According to a source, the institutional tranche attracted orders for 160 times the amount of shares available after adjusting for the retail clawback and excluding the stake bought by Ping An Insurance. The retail portion of the deal was more than 110 times covered after seeing a good ôhit rateö from the one-on-one meetings held with fund managers in Asia and Europe. The management didnÆt visit the US given the small size of the deal.
With Ping An buying close to 40% of the deal, and 50% going to retail investors, there was only about $40 million left for other institutional shareholders. Ranked by an industry magazine as the second largest hedge fund manager in Asia, Value Partners has a good track record when it comes to seeking out and making money on undervalued stocks and is also one of the most profitable fund managers globally.
The small deal size was likely also a key reason for the absence of any form of price sensitivity in the book despite the fact that the local market is experiencing huge day-to-day swings that frequently exceed 1,000 points. Yesterday the Hang Seng Index (HSI) gained 1,362 points, or 4.9%, to 29,166 points, while the H-share index rallied 6.8% to 17,837 points. A day earlier the HSI had turned a 2.6% intra-day loss into a slight gain by the end of the session and on Monday it fell 3.9%. Value Partners invests primarily in the Greater China markets.
The price was fixed at HK$7.63, which marked the top of a range that started at HK$6.78. The offer comprised 381.6 million shares, or 23.9% of the company. All the shares were secondary. There is a 7.8% greenshoe that could boost the total deal size to $405 million if fully exercised.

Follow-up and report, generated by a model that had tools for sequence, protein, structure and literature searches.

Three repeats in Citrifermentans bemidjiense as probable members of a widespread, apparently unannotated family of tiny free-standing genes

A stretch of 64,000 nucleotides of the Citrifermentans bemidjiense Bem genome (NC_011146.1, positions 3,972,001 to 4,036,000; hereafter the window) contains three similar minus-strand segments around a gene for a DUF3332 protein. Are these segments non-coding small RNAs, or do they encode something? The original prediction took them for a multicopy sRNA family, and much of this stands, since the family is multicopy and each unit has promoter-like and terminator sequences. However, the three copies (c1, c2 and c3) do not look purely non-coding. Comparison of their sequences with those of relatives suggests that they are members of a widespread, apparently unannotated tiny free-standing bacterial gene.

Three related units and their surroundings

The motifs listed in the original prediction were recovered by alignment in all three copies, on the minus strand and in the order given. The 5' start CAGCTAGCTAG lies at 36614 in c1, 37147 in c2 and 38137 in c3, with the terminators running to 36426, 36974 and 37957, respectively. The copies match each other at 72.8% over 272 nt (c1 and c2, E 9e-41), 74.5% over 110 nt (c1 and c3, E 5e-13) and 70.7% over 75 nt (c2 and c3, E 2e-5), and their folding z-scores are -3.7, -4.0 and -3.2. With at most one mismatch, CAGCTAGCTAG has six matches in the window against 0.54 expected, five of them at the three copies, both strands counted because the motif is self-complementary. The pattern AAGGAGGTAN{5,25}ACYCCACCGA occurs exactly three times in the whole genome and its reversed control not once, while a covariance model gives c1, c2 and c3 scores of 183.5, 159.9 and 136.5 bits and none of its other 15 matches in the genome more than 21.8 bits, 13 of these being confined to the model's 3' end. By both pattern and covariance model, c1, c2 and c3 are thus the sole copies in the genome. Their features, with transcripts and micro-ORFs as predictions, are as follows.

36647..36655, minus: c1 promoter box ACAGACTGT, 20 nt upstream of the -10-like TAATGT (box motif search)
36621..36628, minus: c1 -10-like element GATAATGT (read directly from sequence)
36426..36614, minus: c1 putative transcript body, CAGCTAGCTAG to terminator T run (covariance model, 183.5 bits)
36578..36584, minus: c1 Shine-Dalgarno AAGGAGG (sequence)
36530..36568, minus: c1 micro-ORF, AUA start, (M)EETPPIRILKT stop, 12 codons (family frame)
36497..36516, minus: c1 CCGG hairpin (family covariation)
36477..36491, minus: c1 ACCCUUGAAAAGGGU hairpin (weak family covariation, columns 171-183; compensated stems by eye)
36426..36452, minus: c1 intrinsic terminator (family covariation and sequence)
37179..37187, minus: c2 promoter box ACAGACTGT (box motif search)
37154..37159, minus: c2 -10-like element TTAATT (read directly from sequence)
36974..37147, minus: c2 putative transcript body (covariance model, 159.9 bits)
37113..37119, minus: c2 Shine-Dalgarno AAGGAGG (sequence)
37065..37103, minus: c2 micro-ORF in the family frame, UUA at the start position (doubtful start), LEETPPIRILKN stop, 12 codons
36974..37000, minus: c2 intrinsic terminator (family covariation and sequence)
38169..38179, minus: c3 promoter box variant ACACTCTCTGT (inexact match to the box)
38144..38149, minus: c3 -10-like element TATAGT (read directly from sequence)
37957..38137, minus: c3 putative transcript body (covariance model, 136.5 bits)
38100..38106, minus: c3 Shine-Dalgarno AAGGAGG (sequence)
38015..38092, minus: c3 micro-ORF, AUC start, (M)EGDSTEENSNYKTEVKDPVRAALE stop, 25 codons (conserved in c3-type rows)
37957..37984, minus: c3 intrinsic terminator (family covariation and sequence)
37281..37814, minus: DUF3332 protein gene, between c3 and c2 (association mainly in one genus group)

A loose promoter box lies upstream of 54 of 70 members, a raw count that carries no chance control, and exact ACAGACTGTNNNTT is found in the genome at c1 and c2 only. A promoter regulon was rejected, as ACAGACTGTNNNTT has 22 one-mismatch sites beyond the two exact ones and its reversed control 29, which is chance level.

JPMorgan and Morgan Stanley are joint bookrunners for the offering.
The final price values Value Partners at between nine and 13 times its estimated 2008 earnings, depending on which syndicate research report to believe. Because Value Partners generates about 80% of its revenues from performance fees, the earnings forecasts are highly dependent on what view one has of the market as a whole. In this case, JPMorgan is the more aggressive of the two.
According to one syndicate research report, other global alternative asset managers including Sparx Group, RAB Capital, Platinum, BlueBay and Fortress Investment Group, traded at an average 2008 price-to-earnings multiple of 14 times when the pre-marketing of Value Partners started. However, several of them have fallen since, in line with a sell-off among financial stocks in the US in particular, which should have made Value Partners less attractive on a relative basis, whatever the starting point.
As of yesterday, Tokyo-listed Sparx was quoted at 10.8 times its fiscal 2008 earnings (to March), RAB traded at 9.2 times its 2008 earnings, BlueBay was at 10.3 times its fiscal 2008 earnings (to June), and Fortress fetched at 2008 P/E multiple of 12.2, all according to Bloomberg data.
Among the key buying arguments were expectations of strong long-term performance in the Greater China stockmarkets, driven by healthy economic growth and continued liquidity flows, as well as the rising demand for wealth management services in Hong Kong.
Set up in 1993, Value Partners now has $5.7 billion under management and runs seven funds that are authorised by the Hong Kong regulators. While it has a preference for long-only investments, Value Partners is sometimes referred to as a hedge fund because it is allowed to go short and aims to deliver positive absolute returns whatever the direction of the market.
In 2006, Value Partners had an AUM margin (measured as net profit divided by assets under management) of 3.1% and a return on equity of 114%. It has also achieved a net earnings CAGR of 126% between 2004 and 2006. In the first half of 2007, its net profit reached HK$335 million, up 163% from HK$127 million in the first six months of 2006.
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